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Le Pen and Macron resort to name calling in final French presidential debate

The French certainly have a way with words.

A television screen shows the live broadcast of the French presidential debate with Emmanuel Macron, right, and far-right candidate Marine Le Pen on May 3, 2017.
AP Photo/Bob Edme

PARIS — She called him a “smirking banker.” He called her a “parasite.”

Just four days before French voters return to the polls on May 7 to elect a president, the two remaining candidates for the presidency, centrist Emmanuel Macron of En Marche and far-right Marine Le Pen of the National Front, sat down for a nationally televised 140-minute debate.

It was supposed to be a robust exchange in which both candidates presented their opposing visions of France’s future. It turned into an all-out verbal brawl filled with vicious name calling and nonstop interruptions.

The key issues on the table were immigration, terrorism, a painful 10 percent unemployment rate, and the future of France’s place in Europe. But quite a bit of time was spent debating France’s past rather than its future, with the two candidates arguing over France’s role in the Holocaust and its long history of colonialism in North Africa.

Indeed, the image of France itself seemed to hang in the balance, with the candidates frequently waxing philosophical on what type of France they believed in and which France would be revealed on May 7: one that is open to the world, or one that has closed its borders and shunned Europe.

The French certainly have a way with words

Le Pen, who has taken hardline positions on “Islamic fundamentalism” and immigration, accused Macron of being "obedient to Islamist fundamentalists," repeating again and again that he has received the support of the UOIF (L'Union des Organisations Islamiques de France) — a loose organization of several hundred Muslim prayer spaces and religious organizations.

At one point, Macron called Le Pen the “priestess of fear” who “plays on the fears of citizens.” He also accused her of offending the French who had suffered during the Second World War when she denied that France was responsible for the brutal fate of the 76,000 Jews deported from France.

Le Pen stuck by her position, arguing that those who participated in the roundup of Jews were not representing France but the collaborationist Vichy regime, insisting that “France was in London then.”

Macron also insisted that Le Pen profits off a system she positions herself as outside of, when in reality she has worked in politics much of her life and her father has, famously, been in politics for more than 40 years.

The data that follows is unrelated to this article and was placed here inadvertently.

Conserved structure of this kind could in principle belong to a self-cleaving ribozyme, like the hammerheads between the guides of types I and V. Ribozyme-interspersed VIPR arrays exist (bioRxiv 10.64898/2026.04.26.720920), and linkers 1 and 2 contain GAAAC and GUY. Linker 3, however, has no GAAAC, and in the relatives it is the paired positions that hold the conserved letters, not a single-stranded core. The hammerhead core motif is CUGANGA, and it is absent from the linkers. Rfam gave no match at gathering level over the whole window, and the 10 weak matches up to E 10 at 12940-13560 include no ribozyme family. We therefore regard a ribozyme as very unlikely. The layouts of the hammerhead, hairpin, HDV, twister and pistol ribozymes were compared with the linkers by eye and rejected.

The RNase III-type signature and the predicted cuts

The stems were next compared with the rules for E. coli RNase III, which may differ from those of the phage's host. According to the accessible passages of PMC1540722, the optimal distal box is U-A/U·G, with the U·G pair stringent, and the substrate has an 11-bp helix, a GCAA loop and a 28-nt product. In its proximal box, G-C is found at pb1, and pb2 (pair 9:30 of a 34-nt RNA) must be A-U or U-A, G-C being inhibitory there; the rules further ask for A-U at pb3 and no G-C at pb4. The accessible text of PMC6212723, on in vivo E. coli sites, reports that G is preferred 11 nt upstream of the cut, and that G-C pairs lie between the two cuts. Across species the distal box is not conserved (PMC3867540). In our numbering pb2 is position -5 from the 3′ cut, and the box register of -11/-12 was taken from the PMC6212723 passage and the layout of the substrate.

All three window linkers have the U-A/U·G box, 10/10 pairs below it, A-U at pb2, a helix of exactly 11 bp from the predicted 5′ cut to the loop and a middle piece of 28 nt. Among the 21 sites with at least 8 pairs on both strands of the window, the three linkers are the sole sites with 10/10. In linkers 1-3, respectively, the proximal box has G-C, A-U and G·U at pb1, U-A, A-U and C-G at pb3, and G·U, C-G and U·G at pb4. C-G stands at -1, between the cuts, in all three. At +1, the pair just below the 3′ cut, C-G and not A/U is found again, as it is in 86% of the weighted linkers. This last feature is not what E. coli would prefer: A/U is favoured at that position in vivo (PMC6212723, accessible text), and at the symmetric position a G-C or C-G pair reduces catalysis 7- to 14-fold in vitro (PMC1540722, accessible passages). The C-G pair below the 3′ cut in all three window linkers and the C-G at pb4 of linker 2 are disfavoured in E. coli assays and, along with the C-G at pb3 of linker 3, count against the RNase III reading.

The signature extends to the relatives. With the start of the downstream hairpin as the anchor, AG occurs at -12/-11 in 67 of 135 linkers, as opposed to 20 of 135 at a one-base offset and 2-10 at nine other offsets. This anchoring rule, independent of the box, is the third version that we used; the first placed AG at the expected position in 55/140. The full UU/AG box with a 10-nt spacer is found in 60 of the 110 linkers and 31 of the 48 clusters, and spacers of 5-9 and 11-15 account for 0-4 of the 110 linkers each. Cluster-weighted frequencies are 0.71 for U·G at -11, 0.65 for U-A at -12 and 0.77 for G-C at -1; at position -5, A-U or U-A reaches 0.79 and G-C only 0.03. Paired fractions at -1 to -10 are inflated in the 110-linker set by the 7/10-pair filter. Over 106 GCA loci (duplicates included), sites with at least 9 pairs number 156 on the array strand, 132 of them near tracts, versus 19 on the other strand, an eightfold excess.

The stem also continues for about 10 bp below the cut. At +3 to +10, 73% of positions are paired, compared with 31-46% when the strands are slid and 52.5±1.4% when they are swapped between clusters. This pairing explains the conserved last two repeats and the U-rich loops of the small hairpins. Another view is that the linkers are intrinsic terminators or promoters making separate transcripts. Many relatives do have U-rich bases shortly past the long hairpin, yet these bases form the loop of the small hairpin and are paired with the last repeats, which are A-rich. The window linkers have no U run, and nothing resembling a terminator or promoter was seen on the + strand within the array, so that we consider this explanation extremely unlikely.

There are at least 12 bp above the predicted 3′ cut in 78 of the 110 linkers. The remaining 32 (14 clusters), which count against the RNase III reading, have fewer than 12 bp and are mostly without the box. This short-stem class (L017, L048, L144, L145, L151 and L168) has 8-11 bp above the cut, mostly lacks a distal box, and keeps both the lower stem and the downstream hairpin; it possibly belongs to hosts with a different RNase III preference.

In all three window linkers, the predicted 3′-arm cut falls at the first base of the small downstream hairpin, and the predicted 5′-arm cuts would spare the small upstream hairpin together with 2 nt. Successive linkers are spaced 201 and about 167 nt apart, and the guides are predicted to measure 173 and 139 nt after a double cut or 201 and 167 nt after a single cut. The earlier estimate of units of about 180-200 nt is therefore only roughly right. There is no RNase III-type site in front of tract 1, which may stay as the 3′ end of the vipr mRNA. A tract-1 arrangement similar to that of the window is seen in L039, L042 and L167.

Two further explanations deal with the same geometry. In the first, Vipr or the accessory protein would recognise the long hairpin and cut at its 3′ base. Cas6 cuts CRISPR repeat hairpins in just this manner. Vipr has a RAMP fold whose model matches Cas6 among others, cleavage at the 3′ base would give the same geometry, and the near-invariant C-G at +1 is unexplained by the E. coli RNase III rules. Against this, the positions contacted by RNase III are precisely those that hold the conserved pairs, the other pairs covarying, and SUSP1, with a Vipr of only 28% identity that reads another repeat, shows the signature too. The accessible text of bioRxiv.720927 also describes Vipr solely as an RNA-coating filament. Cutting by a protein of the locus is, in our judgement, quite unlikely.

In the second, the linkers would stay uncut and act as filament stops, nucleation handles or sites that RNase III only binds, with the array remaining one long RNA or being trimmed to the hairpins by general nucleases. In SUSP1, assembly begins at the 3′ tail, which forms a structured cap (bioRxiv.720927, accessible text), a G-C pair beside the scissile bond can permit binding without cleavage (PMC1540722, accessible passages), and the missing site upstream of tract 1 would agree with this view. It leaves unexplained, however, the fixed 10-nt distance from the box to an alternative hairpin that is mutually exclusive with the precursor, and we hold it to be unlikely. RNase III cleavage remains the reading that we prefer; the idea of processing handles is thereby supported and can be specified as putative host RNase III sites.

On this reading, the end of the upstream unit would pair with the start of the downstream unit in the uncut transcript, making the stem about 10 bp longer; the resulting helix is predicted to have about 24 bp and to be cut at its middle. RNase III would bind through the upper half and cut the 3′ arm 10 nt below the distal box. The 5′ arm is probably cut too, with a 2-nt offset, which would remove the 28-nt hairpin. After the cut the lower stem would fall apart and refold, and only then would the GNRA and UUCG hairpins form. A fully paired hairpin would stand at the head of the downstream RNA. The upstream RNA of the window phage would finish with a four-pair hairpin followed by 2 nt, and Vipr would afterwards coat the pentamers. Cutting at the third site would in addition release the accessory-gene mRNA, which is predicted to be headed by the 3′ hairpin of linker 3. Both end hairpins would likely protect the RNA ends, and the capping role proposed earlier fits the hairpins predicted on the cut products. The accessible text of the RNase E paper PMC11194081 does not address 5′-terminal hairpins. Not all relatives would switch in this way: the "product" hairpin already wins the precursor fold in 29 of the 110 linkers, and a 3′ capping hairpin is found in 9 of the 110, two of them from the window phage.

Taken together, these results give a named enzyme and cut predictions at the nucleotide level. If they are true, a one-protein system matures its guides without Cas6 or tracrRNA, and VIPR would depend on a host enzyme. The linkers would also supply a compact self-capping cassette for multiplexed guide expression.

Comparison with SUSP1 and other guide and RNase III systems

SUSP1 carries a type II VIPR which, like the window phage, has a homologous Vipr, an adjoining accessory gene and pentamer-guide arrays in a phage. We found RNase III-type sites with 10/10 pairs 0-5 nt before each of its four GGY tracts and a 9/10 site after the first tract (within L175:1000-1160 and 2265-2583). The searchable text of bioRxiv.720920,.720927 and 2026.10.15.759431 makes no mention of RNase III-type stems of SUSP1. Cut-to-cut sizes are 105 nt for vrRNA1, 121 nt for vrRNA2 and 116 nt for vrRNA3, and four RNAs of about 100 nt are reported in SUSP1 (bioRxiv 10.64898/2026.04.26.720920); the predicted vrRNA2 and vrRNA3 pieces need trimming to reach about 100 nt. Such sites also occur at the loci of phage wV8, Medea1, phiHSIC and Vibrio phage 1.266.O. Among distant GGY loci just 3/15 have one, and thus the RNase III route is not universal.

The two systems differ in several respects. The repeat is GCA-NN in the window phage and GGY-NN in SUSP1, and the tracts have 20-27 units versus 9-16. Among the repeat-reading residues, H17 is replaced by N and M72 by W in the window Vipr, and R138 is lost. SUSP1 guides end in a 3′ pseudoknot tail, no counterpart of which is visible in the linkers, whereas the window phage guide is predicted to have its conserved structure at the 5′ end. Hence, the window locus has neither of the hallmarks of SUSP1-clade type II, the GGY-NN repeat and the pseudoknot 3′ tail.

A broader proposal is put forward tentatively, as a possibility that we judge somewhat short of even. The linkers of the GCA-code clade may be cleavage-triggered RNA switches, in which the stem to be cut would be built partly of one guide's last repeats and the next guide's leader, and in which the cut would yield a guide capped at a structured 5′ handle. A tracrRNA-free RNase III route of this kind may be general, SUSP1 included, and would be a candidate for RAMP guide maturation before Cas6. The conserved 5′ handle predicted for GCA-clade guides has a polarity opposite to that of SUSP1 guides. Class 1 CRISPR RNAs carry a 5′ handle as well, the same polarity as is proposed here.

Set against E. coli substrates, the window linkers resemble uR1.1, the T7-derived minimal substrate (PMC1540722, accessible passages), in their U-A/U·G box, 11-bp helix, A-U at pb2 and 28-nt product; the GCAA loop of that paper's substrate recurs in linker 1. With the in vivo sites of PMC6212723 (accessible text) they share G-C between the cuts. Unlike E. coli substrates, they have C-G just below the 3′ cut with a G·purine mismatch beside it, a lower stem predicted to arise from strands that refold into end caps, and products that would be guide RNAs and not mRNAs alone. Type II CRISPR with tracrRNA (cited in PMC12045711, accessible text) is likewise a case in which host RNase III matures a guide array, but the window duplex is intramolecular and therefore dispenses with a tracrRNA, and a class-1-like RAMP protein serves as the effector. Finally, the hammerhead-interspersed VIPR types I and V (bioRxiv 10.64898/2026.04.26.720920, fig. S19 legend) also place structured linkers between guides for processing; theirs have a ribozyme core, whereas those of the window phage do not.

The two grappled over the euro as well. In the past few days, Le Pen has appeared to waffle on what had seemed a firm campaign promise to put France’s participation in the common currency market up for a referendum. Her position has, if anything, become less clear, almost seeming as though she wants to have two currencies.

Wednesday evening, she said that “the euro is the currency of bankers, not of the people,” and seemed to suggest that perhaps French businesses could remain on the euro while the rest of the French people would go back to using the franc.

Macron pounced, telling Le Pen her ideas on the euro revealed “a crass lack of preparation.”

For her part, Le Pen repeatedly insisted that Macron is the “candidate of wild globalization.”

This was the first time a French far-right candidate has been in a debate like this

When Marine Le Pen’s father, Jean-Marie Le Pen, unexpectedly reached round two of the presidential election in 2002 against Jacques Chirac, Chirac refused to debate him, arguing that it would only legitimize the extreme right.

Emmanuel Macron was in no position to make such a choice. Over the past six years, Marine Le Pen has transformed the National Front from a marginalized party known primarily for its anti-Semitism and xenophobia to a nearly mainstream party with a real chance of winning.

Although polls have consistently shown Macron leading Le Pen by 20 points, a cloud of uncertainty has hovered over any predictions of the final results.

That’s partly because Jean-Luc Mélenchon, the far-left populist who took 19.3 percent in the first round of elections on April 23, has refused to officially endorse Macron. On Tuesday evening, new polls showed that most of Mélenchon’s supporters are planning to drop a blank vote in the ballot box or to abstain altogether. Protests on Monday anecdotally backed up those polling numbers, with hundreds marching in the streets, still wearing their Mélenchon stickers and protesting a choice between two candidates they refuse to support.

Nevertheless, both Le Pen and Macron would like those votes.

A snap poll taken just after the debate ended by Elabe, a French polling company, and the television channel BFMTV gave the debate to Macron, with 63 percent of those polled saying Macron was the “most convincing,” versus just 34 percent for Le Pen.

“She came across as extreme and, especially on the euro, as having no polices, just lashing out,” said political scientist Catherine Fieschi immediately after the debate. “By the end of the debate, he was in complete control.”

Whether Macron’s performance in the debate was enough to sway undecided voters to secure a victory, however, remains to be seen.

This story is part of a Vox collaboration with the Pulitzer Center on Crisis Reporting about the upcoming French elections.

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